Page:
Printable electronics on the rise
June 27, 2007 We've written before about printable electronics, a relatively new field in which common printing techniques are used in conjunction with conductive electronic inks to mass-produce extremely thin, flexible and cheap electronic circuits. The technology has been producing breakthroughs in flexible e-paper displays, smart labels such as RFID tags, animated posters and active clothing. Industry analysts are encouraged by the quick take-up of the technology, as well as growing research into future uses - and are predicting that more than 15,000 specialized printable electronics printers will ship between 2007 and 2013.
The growing number of new plants designed to produce printed electronics products such as displays, backplanes, RFID tags, sensors and photovoltaic cells, coupled with escalating R&D activity in this field will provide a huge boost for firms supplying related printing equipment. This is according to a new report from NanoMarkets, an industry analyst firm based in Virginia. NanoMarkets' new report forecasts that between 2007 and 2013, a total of 15,000 printers will be shipped for printed electronics applications.
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Key findings from the report include:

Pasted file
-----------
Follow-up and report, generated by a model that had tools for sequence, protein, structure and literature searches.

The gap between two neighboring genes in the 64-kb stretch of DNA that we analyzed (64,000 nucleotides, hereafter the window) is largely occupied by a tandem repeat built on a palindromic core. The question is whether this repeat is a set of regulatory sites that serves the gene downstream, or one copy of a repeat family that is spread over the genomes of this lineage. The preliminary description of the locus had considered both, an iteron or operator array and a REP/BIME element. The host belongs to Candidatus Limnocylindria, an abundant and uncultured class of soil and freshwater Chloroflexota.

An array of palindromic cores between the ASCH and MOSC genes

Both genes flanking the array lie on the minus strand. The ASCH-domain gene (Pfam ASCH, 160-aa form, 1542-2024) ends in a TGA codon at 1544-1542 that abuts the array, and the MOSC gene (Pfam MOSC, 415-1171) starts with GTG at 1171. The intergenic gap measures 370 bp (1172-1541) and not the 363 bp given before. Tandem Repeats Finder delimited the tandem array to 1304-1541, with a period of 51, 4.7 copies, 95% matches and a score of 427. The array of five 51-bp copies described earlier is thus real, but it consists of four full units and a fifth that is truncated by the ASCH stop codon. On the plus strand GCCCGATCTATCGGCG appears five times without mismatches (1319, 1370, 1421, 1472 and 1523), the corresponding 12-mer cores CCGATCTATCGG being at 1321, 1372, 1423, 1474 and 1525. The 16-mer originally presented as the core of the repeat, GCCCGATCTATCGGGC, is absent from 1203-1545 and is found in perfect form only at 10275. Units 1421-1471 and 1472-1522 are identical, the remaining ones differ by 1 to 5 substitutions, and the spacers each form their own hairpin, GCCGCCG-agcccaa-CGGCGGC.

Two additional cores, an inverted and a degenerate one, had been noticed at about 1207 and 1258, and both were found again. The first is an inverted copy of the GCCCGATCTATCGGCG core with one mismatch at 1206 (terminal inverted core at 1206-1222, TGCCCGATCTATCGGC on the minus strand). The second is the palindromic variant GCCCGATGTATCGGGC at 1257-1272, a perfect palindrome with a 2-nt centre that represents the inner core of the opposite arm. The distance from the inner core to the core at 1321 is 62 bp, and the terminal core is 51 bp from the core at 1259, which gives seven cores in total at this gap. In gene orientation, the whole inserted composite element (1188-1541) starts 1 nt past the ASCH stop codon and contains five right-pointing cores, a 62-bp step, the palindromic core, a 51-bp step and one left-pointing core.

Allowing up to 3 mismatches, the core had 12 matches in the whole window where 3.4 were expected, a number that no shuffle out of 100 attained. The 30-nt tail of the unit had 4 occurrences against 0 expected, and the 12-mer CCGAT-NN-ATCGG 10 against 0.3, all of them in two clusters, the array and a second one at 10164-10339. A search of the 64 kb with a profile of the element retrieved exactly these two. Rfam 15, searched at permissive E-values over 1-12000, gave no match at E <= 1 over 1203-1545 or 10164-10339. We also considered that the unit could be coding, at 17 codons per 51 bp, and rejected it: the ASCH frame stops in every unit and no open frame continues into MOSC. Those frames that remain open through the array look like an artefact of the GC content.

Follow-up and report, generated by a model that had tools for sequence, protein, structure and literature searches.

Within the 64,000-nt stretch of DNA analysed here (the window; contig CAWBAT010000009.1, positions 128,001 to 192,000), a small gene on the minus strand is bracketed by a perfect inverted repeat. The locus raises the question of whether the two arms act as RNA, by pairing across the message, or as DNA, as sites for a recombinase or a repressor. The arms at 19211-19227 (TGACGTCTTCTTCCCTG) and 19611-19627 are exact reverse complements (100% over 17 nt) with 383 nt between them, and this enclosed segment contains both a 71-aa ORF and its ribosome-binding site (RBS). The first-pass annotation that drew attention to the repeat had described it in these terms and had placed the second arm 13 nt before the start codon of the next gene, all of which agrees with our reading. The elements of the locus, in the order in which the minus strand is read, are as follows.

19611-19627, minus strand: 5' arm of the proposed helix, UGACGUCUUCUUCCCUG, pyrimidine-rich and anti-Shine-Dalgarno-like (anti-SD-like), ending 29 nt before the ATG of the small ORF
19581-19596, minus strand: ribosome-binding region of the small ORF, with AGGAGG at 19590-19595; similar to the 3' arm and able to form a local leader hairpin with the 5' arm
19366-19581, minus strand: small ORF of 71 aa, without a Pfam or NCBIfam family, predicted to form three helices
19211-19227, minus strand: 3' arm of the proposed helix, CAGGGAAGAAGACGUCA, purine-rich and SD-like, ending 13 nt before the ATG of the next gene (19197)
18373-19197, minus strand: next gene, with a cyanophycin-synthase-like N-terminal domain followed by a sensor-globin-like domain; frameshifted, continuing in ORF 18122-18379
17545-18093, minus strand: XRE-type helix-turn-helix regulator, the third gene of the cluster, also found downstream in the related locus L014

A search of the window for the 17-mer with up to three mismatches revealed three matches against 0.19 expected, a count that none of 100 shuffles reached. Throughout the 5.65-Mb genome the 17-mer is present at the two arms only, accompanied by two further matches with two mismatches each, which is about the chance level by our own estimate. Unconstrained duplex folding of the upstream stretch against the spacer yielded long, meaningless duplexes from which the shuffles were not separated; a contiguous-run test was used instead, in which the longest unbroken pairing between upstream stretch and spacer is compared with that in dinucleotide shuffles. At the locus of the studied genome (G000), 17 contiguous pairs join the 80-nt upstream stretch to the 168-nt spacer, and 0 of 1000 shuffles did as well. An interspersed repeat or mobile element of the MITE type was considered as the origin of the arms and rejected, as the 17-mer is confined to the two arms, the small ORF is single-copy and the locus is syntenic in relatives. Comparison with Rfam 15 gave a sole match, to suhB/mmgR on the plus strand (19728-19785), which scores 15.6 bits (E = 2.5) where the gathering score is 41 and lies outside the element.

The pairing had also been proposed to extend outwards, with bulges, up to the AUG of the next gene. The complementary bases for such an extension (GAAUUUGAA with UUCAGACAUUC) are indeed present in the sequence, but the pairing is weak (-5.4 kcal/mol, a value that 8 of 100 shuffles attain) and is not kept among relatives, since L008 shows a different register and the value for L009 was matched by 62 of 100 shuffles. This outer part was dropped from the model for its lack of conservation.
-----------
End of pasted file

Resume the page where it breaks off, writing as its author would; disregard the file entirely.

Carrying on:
- As demand for PE grows, there will be a switch to high-volume traditional printing methods such as flexography, offset and gravure. By 2013, almost 75 percent of printing machines supplied for factories making PE products will fall into this category.
- There will be an escalating need for smaller R&D machines for industrial laboratories and the growing number of educational establishments that include printable electronics courses in their curriculum. Over 70 percent of the machines shipped for R&D and educational purposes will be ink jet printers.
- Screen printing - which has traditionally been the technique that has been used to print electronics - will lose market share as PE moves from "thick film" to "thin-film" technology. By 2013, screen will account for only 18 percent of electronics printers shipped compared with 30 percent now.
- The addition of new printers to the PE industry's installed base will boost its manufacturing capacity from negligible amounts today to around 400 million square meters by the end of 2013, sufficient to produce almost $40 billion in printed electronics products.